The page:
Groven says that while previous research suggests that patients can avoid testing their eating limits after surgery by following dietary advice, the reality is much more complicated.

She adds:

"It is reasonable to ask, I think, whether the eating disorders that some of the women develop after surgery are diseases, or if they may be understood as normal changes as a result of the operation."

No regrets

Although many women reported negative thoughts and health issues after weight loss surgery, none of them said they regret undergoing the procedure.

"They say they would have done the same today and that they had no choice considering their life before surgery. Some said that the pains were a small price to pay," says Groven.

She adds that this suggests women are influenced by society's perception of the ideal female body, and that being obese is not within this scope.

"They are living with a body which is not accepted by society, and they are constantly judged from their size," she says.

"The message from the media and medical science is that they are likely to get cancer or diabetes unless they lose weight and the surrounding world regards their obesity as self-inflicted. Some have children and are afraid to die and leave them alone."

Groven concludes that although it is true that obesity can lead to health complications, such as diabetes and heart attack, little is known about the long-term effects of weight loss surgery and what complications may arise from this procedure.

With this in mind, Groven plans to conduct further research that will look at the effects of bariatric surgery 3-10 years after patients have undergone the procedure.



Screen Shot 2013-05-01 at 10.04.28 AM

Apathy and failure

Recently when I saw a fresh weight loss and posted it, I was confronted with a commenter who asked me why I posted my body-weight.  It is a fair question and I do not challenge her asking it, because it's been asked of me many times when I have posted my actual weight-as-a-number.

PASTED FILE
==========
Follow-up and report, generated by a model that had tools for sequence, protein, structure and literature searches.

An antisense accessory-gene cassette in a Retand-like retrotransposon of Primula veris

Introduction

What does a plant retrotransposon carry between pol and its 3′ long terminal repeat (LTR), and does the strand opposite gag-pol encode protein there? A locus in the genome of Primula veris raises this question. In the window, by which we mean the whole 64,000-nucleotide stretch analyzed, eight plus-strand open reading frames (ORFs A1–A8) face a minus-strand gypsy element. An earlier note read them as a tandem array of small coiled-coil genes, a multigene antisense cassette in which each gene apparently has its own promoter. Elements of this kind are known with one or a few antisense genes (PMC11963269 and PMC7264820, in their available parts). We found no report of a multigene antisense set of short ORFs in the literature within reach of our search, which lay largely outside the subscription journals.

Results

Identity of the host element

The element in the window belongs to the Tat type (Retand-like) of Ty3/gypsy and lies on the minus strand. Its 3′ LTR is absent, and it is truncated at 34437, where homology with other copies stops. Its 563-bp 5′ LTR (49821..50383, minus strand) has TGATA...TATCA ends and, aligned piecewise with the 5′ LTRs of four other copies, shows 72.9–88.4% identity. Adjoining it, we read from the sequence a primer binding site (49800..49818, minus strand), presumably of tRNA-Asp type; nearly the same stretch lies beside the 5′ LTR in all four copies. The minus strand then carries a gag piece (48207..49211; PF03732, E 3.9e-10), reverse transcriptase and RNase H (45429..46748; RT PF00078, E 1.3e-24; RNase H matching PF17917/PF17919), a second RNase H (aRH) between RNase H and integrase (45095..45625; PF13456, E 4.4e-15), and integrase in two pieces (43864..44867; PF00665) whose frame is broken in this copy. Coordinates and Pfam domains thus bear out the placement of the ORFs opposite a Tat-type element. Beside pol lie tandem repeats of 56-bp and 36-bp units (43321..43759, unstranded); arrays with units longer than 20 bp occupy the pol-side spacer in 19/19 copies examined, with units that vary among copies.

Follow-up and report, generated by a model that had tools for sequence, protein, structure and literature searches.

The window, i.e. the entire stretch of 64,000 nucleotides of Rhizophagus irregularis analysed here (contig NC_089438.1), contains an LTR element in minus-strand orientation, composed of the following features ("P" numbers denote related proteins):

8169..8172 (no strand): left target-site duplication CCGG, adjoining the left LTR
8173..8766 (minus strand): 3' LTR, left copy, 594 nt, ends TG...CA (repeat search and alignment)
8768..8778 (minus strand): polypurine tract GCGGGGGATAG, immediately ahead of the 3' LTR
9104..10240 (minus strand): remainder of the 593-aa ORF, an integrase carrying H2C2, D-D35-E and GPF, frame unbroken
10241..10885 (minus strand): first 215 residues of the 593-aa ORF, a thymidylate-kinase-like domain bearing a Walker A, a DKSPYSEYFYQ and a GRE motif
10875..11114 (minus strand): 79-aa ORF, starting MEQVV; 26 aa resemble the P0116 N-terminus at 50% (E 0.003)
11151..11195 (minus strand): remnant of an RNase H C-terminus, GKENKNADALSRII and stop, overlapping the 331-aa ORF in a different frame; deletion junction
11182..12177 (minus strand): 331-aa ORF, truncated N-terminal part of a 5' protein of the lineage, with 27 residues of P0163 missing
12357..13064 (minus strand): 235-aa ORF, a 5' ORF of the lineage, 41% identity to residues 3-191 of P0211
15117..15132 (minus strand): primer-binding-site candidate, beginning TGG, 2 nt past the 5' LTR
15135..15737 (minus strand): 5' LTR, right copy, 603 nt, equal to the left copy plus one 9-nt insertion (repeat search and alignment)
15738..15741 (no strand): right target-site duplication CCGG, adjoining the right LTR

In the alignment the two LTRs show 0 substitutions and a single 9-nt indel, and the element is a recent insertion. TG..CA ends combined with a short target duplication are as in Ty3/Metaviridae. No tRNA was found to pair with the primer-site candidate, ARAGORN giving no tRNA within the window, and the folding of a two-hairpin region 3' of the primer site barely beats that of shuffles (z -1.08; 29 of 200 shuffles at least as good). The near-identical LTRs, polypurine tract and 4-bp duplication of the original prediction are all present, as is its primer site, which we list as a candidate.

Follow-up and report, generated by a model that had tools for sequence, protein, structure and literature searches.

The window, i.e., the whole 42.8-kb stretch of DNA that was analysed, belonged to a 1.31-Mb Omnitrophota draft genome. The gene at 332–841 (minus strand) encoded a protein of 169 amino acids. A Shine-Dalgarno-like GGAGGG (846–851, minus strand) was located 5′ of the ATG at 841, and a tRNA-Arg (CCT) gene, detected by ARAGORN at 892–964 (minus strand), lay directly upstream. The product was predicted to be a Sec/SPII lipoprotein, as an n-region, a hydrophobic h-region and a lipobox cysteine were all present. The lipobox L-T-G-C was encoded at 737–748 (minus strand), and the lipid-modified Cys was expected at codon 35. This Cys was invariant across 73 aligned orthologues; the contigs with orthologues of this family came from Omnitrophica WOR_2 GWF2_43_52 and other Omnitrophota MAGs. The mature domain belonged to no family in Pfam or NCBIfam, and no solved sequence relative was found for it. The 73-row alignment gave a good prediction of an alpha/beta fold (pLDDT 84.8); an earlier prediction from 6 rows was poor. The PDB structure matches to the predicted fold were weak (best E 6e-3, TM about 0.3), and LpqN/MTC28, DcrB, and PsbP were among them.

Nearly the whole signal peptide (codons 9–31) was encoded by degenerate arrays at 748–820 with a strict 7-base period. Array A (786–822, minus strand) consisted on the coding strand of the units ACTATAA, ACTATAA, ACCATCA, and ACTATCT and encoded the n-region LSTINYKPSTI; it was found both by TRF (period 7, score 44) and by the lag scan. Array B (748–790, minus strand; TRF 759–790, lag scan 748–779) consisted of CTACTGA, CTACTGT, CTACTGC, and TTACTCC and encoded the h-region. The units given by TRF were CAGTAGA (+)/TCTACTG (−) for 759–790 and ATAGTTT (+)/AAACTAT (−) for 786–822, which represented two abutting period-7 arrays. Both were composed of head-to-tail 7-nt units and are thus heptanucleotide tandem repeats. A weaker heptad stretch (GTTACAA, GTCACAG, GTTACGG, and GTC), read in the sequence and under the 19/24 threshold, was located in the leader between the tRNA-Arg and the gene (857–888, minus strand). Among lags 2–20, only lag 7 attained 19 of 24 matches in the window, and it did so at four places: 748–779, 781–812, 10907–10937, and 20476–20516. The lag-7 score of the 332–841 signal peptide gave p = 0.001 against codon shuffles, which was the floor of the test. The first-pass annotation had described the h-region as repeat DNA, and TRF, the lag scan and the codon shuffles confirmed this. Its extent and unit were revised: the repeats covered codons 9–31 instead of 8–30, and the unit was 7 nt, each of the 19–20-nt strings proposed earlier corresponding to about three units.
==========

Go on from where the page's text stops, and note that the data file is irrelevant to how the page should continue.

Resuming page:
Screen Shot 2013-05-01 at 10.04.28 AM

I will say that number-sharing is the norm (…or was?) in the weight loss surgery/bariatric community as a whole for as long as I have been a part of it — and that is at least 10-12 years that I have actively read and participated in emails, groups and chats.  I posted the question as a poll this morning on Facebook as well.  Go answer!  Come back.

Screen Shot 2013-05-03 at 10.01.47 AM

Back in the hey-day of message boards we would add a line of text to our signatures (..siggies!) to signify our –

  • HW (Highest Weight)
  • SW (Start Weight or Surgery Weight)
  • CW (Current Weight)
  • GW (Goal Weight)

They would look alot like this!


HW – 320  SW – 298  CW – 151 – GW – 150

Don't judge the comic-sans.  

I would go back to *my old posts circa 2003/2004 and show you, except I was banned from my message board back then, and my posts via BethLButterfly disappeared.  She posted in Comic Sans at times. Her demise is why MM exists.

Number or weight sharing is.  Was.  Always will be?  I would say that in general — most individuals that have bariatric surgery are often proud of every single pound lost, and want to wear their "pounds lost" as a badge of honor.  Some post ops are extraordinarily proud and not only wear the pounds lost, current weight, but will add things like "LBS GONE FOREVER!"  

Losing weight is no easy feat, and after bariatric surgery — it feels like victory. Why wouldn't someone want to own it — even just for a while?  I suppose when you've been 500, 400, 300, 250 lbs — wearing a newly slimmed down self is quite a change and being able to put that number out there to the universe — even just for a while is worth it.

Now, for me.  This commenter wondered if my posting about my actual number was an obsession – let me clear it up here.  No.  I've always weighed myself.  

Bariatric surgery and the life afterwards is ALL ABOUT NUMBERS.  Losing pounds, inches, and sometimes counting calories, measuring food, and exercise.  If you're a pre-op that doesn't want to 'hear that' – I am sorry – but it really, truly, is.

I absolutely understand that some people take these numbers to an extreme – and extremes are unhealthy at any level — and that is how we get into situations like: needing bariatric surgery.  Extreme caloric intake is unhealthy, an extreme sedentary lifestyle is unhealthy.  We require balance.  

It takes a very long time for some people to learn this:  example —->  ME.